Influence of Light Reflection at the Objective in the Quantitative Measurement of Reflectivity with the Microscope

Dr. rer. nat. Horst Filler
Laboratory of Microscopy, Messrs. Carl Zeiss, Oberkochen, Federal Republic of Germany

Summary: When the microscope is used in the measurement of reflectivity there is a glare effect, due to internal reflections from optical parts, for which corrections have to be made. In the present paper these effects are measured in a new series of objectives for reflected-light microscopes, and it is shown that the factors involved are the number, curvature, separation, and blooming of the lenses, along with the conditions of adjustment of the microscope. For a given objective the conditions producing the smallest glare are: small area of specimen illuminated and measured, high numerical aperture of the illuminating system, and adjustment of the illuminaton in such a way that the axis of the illuminating beams is slightly oblique. A theory of glare is outlined, and procedures for making the necessary corrections are described—by calculation and by graphical procedure. These corrections can be neglected when a sufficient number of graded standards is used.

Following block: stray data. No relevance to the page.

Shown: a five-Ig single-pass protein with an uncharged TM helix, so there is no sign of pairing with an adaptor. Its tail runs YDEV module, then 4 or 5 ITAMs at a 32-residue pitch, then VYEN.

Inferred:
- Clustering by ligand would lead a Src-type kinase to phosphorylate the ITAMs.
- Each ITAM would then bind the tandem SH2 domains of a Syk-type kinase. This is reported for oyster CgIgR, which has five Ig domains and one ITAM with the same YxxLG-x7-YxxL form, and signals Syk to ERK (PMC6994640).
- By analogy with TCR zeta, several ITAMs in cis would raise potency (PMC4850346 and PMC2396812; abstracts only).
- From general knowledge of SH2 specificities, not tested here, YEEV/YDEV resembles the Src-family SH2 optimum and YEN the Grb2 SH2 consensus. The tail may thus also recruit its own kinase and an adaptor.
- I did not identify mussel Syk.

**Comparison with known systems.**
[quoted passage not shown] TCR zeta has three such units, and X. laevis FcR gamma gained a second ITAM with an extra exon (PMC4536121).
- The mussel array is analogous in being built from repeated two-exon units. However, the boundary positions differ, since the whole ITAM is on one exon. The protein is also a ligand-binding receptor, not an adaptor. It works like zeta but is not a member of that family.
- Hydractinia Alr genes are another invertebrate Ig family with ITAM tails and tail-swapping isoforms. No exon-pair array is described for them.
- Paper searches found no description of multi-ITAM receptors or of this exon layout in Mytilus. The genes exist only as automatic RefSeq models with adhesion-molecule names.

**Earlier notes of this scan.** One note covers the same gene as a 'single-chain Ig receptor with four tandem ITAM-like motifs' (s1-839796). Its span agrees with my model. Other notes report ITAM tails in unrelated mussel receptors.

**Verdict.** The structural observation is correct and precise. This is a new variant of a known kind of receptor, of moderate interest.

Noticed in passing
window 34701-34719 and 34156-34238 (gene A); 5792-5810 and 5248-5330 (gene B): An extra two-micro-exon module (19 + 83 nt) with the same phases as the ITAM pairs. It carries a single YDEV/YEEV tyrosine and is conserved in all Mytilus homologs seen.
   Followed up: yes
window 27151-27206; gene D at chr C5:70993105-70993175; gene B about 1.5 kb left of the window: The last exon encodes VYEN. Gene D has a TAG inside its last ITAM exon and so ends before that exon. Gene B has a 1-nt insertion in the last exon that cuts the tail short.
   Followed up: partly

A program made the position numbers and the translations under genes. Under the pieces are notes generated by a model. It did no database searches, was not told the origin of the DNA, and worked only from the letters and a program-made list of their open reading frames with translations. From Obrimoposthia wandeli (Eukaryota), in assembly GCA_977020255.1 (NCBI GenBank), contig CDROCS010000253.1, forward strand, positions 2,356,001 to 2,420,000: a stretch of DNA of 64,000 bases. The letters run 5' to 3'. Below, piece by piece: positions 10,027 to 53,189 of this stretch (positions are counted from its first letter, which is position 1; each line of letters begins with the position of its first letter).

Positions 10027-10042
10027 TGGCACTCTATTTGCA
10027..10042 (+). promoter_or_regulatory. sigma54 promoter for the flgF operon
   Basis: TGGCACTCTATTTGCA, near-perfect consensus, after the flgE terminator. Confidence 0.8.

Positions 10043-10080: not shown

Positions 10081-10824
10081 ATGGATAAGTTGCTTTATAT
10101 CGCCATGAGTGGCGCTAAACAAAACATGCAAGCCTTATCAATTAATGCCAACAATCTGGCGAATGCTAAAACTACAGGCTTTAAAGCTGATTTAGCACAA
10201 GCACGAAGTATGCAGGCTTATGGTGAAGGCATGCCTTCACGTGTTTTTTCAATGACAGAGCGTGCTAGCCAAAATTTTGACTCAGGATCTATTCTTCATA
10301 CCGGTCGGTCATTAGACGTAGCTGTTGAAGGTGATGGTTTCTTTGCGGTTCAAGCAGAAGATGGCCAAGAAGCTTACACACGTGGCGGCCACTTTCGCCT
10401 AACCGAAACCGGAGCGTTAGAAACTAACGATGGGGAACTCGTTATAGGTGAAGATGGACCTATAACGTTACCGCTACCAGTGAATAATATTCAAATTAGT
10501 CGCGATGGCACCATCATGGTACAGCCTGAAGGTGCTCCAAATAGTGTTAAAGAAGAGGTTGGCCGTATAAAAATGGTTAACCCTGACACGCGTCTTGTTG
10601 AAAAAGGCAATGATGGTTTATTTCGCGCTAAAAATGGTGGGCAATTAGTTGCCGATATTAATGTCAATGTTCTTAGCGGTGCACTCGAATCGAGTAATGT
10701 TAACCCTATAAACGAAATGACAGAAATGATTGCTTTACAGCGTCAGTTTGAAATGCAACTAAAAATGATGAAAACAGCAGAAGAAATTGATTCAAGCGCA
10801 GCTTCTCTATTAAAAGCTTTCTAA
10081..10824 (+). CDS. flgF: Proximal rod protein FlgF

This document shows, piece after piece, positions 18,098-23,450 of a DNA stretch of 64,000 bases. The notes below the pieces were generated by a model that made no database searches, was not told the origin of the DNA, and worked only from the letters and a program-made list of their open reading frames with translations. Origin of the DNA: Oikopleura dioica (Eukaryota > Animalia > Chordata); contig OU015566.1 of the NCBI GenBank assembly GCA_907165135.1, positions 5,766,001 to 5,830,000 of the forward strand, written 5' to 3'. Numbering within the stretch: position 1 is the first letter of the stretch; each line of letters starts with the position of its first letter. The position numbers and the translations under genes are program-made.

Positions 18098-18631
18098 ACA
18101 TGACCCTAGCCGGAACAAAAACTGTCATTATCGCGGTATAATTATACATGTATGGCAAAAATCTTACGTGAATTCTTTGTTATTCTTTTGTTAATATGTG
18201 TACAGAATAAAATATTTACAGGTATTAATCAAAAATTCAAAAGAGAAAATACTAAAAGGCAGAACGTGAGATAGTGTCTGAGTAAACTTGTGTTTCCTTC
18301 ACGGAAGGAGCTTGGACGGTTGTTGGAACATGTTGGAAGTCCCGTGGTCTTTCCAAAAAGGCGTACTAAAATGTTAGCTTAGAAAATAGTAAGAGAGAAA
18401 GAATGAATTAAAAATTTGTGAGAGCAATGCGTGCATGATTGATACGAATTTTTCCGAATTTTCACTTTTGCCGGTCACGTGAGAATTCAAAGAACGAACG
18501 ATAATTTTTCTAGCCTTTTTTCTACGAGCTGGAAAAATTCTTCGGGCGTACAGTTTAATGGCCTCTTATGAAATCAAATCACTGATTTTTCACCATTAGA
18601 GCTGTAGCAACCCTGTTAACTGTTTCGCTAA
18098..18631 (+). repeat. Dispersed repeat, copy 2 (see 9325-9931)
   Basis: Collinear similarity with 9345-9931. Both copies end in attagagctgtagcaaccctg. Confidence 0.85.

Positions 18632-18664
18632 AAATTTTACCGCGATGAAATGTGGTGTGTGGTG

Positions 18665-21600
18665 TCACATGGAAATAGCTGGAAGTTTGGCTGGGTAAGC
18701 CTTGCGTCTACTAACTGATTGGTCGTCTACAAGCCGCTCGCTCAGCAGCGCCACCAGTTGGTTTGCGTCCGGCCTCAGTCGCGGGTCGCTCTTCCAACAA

Mineralogical Magazine; June 1967 v. 36; no. 278; p. 242-259; DOI: 10.1180/minmag.1967.036.278.07
© 1967, The Mineralogical Society
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